CAIRO — Egypt’s most organized and powerful Islamist movement on Monday announced it intends to join forces with one of the nation’s oldest liberal parties, presenting a formidable coalition for upcoming parliamentary elections.

The alliance would unite the Muslim Brotherhood’s Freedom and Justice Party and the Wafd Party, a liberal party established just after World War I, to run on one candidate list in the elections scheduled for September. The move is likely to be a significant boost for the Brotherhood, a well-organized political group that expects to take a third of parliament’s seats.



Middle East and North Africa in turmoil

Middle East and North Africa in turmoil


The move surprised some analysts because of the long-standing rivalry between the two groups, and likely startled some secularists and liberals.

“Now that this coalition exists, it will dictate the electoral outcome,” said Essam el-Erian, vice president of the Freedom and Justice Party and former member of the Brotherhood’s guidance bureau. Erian said that the coalition is open and encourages others to join.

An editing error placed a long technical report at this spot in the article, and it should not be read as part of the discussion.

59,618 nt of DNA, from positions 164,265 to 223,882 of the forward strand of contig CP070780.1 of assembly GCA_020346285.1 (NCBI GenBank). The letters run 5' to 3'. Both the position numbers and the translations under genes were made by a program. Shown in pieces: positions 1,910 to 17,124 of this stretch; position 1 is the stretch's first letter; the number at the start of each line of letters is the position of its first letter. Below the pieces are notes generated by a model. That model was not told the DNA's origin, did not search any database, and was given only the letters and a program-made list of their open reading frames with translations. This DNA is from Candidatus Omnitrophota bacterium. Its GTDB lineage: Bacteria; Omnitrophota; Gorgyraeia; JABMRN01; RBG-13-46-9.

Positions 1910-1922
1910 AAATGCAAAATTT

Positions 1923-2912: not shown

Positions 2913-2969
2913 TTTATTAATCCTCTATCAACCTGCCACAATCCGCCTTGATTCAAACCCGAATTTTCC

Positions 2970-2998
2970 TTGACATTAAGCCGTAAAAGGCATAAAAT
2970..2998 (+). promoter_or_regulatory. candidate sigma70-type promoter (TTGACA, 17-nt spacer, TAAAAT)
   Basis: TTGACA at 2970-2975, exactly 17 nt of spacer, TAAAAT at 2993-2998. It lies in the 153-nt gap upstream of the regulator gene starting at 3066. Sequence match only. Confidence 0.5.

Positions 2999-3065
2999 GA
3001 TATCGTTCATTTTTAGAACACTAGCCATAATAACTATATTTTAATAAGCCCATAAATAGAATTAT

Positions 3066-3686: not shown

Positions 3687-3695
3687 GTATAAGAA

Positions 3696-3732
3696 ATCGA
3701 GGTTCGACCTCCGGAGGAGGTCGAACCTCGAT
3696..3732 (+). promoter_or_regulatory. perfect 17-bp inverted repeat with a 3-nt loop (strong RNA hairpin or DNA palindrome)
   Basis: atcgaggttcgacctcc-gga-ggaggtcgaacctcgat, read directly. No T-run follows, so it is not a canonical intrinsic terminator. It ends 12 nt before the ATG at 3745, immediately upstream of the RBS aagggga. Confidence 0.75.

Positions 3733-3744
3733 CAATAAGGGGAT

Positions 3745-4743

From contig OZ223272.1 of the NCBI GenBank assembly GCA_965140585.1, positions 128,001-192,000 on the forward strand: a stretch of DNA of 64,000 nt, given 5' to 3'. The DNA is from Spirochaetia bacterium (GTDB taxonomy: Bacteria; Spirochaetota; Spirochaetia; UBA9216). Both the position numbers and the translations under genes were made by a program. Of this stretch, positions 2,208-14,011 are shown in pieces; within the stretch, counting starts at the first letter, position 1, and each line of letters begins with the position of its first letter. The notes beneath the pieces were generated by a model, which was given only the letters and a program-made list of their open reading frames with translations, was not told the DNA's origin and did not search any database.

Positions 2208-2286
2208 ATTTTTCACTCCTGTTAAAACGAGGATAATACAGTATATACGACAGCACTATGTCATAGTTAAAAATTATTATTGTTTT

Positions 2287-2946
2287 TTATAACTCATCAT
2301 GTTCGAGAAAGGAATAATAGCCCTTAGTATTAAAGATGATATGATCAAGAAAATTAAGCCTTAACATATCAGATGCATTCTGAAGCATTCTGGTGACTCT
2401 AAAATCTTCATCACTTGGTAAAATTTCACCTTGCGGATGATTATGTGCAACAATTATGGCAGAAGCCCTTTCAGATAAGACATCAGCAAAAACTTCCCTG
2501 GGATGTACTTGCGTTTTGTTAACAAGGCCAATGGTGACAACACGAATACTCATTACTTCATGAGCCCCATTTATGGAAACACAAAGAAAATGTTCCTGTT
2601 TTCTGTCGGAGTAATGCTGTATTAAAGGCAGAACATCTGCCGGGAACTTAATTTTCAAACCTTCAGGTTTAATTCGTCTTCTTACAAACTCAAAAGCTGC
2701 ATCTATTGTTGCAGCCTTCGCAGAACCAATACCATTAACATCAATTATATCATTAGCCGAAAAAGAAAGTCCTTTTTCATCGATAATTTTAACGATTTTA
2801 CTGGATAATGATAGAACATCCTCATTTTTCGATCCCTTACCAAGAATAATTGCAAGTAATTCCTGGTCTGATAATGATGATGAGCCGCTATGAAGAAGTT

“We want a parliament that represents the entire nation, with all its political tendencies and forces,” he said.

The coalition of the two parties is the start of what Erian said the parties hope will be a far-reaching alliance with other groups and independent candidates. Ultimately, he said, they hope the coalition, after others join, will have a strong showing in the first parliament to be elected following President Hosni Mubarak’s ouster in February.

No single party is expected to win an outright majority in parliament, a body that will be tasked with choosing a 100-member committee to write Egypt’s new constitution.

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